The importance of wilderness

“Wilderness areas act as a buffer against species loss, as the extinction risk for species within wilderness communities is—on average—less than half that of species in non-wilderness communities.” 1

A recent study published in the Journal Nature titled “Wilderness Areas Half The Extinction Risk of Terrestrial Biodiversity” mapped several locations around the world where maintaining wilderness areas should be a priority. The first statement the authors make in the abstract in this paper really hit the nail on the head for me.

“Reducing the rate of global biodiversity loss is a major challenge facing humanity, as the consequences of biological annihilation would be irreversible for humankind. 1

In this single sentence the authors make clear that the steady march of human activity, as currently, conducted could potential be catastrophic to all life on earth.

“Wilderness areas act as a buffer against species loss, as the extinction risk for species within wilderness communities is—on average—less than half that of species in non-wilderness communities.” 1

The paper points to several locations on the plant especially important to protect yet the authors also state that all wilderness areas have intrinsic conservation value thus we can all play a role by supporting local conservation efforts of wilderness area near to each of us. Below we showcase a few wilderness area we have recently spent time in. They are both beautiful as well as safe havens for biodiversity.

Click any photo for slide show.

Absoroka-Beartooh and Lee Metcalf wilderness areas.


1. Reference: Di Marco, M., Ferrier, S., Harwood, T.D. et al. Wilderness areas halve the extinction risk of terrestrial biodiversity. Nature 573, 582–585 (2019) doi:10.1038/s41586-019-1567-7

For a short summary of the article visit Science daily.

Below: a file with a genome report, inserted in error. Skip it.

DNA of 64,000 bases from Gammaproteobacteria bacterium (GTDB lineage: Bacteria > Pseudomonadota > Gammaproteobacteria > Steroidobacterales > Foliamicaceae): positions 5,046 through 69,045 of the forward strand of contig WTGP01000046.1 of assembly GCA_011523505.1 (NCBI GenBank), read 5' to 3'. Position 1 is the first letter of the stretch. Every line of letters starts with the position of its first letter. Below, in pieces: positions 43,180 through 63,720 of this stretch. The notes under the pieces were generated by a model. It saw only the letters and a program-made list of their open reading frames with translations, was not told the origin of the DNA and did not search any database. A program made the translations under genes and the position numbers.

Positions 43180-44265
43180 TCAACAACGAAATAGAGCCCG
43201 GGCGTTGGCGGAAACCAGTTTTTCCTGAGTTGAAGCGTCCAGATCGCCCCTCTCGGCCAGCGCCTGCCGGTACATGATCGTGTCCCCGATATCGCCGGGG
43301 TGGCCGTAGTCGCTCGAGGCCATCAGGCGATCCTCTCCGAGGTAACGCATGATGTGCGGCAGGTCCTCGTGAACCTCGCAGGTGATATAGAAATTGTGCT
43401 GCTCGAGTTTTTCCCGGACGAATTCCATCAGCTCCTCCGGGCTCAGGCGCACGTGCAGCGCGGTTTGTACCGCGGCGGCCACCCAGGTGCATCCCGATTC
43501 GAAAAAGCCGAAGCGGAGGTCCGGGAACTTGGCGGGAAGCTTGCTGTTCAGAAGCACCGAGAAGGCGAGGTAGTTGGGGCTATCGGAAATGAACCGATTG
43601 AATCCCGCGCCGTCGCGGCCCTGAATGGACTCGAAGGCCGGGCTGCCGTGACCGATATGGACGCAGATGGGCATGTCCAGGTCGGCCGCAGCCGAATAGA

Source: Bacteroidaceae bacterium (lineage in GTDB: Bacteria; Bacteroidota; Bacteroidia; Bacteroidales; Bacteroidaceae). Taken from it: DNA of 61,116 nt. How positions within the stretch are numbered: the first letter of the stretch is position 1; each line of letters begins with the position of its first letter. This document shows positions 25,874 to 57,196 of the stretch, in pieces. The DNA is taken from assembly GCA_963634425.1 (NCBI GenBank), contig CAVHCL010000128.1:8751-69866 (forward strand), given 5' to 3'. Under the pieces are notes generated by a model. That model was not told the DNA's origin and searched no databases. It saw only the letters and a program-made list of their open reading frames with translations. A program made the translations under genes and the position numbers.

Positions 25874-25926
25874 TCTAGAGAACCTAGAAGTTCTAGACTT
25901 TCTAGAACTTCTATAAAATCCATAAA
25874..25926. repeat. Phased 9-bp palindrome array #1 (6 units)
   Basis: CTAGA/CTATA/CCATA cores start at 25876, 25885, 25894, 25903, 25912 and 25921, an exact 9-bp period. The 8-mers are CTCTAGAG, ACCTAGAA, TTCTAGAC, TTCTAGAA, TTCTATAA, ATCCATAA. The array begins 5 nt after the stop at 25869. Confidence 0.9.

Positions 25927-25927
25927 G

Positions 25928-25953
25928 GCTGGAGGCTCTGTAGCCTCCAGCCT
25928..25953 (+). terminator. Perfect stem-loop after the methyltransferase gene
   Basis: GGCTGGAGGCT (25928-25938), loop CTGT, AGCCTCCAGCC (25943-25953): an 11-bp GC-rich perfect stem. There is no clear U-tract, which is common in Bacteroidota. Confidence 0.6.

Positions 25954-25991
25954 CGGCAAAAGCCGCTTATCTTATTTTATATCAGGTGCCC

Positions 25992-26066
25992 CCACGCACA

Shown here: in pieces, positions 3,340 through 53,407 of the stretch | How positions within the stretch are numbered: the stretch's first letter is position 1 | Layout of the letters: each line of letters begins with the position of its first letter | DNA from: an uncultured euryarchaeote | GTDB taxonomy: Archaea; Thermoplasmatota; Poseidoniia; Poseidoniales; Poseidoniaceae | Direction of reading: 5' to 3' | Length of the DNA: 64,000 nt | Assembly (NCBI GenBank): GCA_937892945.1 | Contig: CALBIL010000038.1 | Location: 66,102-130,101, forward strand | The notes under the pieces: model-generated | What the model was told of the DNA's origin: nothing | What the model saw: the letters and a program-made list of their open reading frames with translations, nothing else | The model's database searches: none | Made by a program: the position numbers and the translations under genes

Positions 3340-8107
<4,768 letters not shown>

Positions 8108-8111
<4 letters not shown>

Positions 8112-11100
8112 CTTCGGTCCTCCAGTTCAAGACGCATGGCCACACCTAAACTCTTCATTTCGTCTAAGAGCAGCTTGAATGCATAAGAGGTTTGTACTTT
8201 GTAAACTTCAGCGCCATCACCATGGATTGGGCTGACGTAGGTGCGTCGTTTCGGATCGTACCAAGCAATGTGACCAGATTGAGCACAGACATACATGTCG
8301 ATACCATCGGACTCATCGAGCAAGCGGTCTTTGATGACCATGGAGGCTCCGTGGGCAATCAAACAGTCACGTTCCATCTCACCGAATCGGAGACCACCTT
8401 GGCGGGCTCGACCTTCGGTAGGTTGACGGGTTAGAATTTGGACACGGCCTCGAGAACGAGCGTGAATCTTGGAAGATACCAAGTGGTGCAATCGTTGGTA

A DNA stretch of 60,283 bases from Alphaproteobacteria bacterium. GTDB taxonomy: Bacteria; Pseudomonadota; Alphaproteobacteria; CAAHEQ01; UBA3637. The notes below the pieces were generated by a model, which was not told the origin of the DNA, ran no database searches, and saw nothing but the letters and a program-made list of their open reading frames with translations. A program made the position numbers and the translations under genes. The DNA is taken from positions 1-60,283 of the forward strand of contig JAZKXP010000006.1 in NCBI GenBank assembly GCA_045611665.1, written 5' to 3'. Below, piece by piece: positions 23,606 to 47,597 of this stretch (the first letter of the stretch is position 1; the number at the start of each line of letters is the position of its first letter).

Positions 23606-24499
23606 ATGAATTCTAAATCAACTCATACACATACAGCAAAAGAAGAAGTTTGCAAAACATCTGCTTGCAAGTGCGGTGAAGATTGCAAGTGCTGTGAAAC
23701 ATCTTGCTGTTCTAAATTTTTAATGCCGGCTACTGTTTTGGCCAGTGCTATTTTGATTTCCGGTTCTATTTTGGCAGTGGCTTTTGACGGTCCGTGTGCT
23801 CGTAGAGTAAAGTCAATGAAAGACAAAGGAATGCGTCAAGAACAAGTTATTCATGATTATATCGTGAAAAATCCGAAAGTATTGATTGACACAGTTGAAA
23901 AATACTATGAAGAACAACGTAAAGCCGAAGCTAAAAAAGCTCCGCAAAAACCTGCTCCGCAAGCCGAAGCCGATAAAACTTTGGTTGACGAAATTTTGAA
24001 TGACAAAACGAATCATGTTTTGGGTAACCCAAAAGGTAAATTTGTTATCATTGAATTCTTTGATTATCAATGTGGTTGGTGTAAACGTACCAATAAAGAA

A couple of groups that support the missions of wilderness as a buffer for biological diversity are:
The Wilderness Society
The Half-Earth Project

13 thoughts on “The importance of wilderness

  1. I think It might not be so much human activities as it is shear numbers. Would we be discussing any of this if the population was one billion?
    Simply put……..the more of us…the less of them.
    If we want to protect the wilderness than we need to reduce the population, but we both know that ain’t going to happen. Just wait and see the state of affairs when we hit 15 billion!
    The worse thing about this is that we cannot do a single thing to control the population,unless one decides not to have children.


    1. Hi Wayne, an dyes the growing population and consumption associated will eventually lead to much destruction unless put into check. How that occurs is what seems a taboo conversation. It feels like talking about how to limit population growth is verboten. I hope not to be around when we have 15 billion.

      You can’t grow bacteria in a petri dish forever and the same goes for human on a planet.

      Time will tell but until then we can at least try?


      1. that is the root of many problems we have Mike,over population…….and there isn’t a dam thing anybody can do about it…..except Mother Nature with another pandemic but even than that’ll only be a temporary set back. Our numbers will be right back up again in ten years or so?
        great discussion Mike!


    1. Hi Kit, yes we need to work hard to protect what we have left. Wilderness is a reserve of biological diversity and the template for life to continue on this planet. Once it’s gone who knows?


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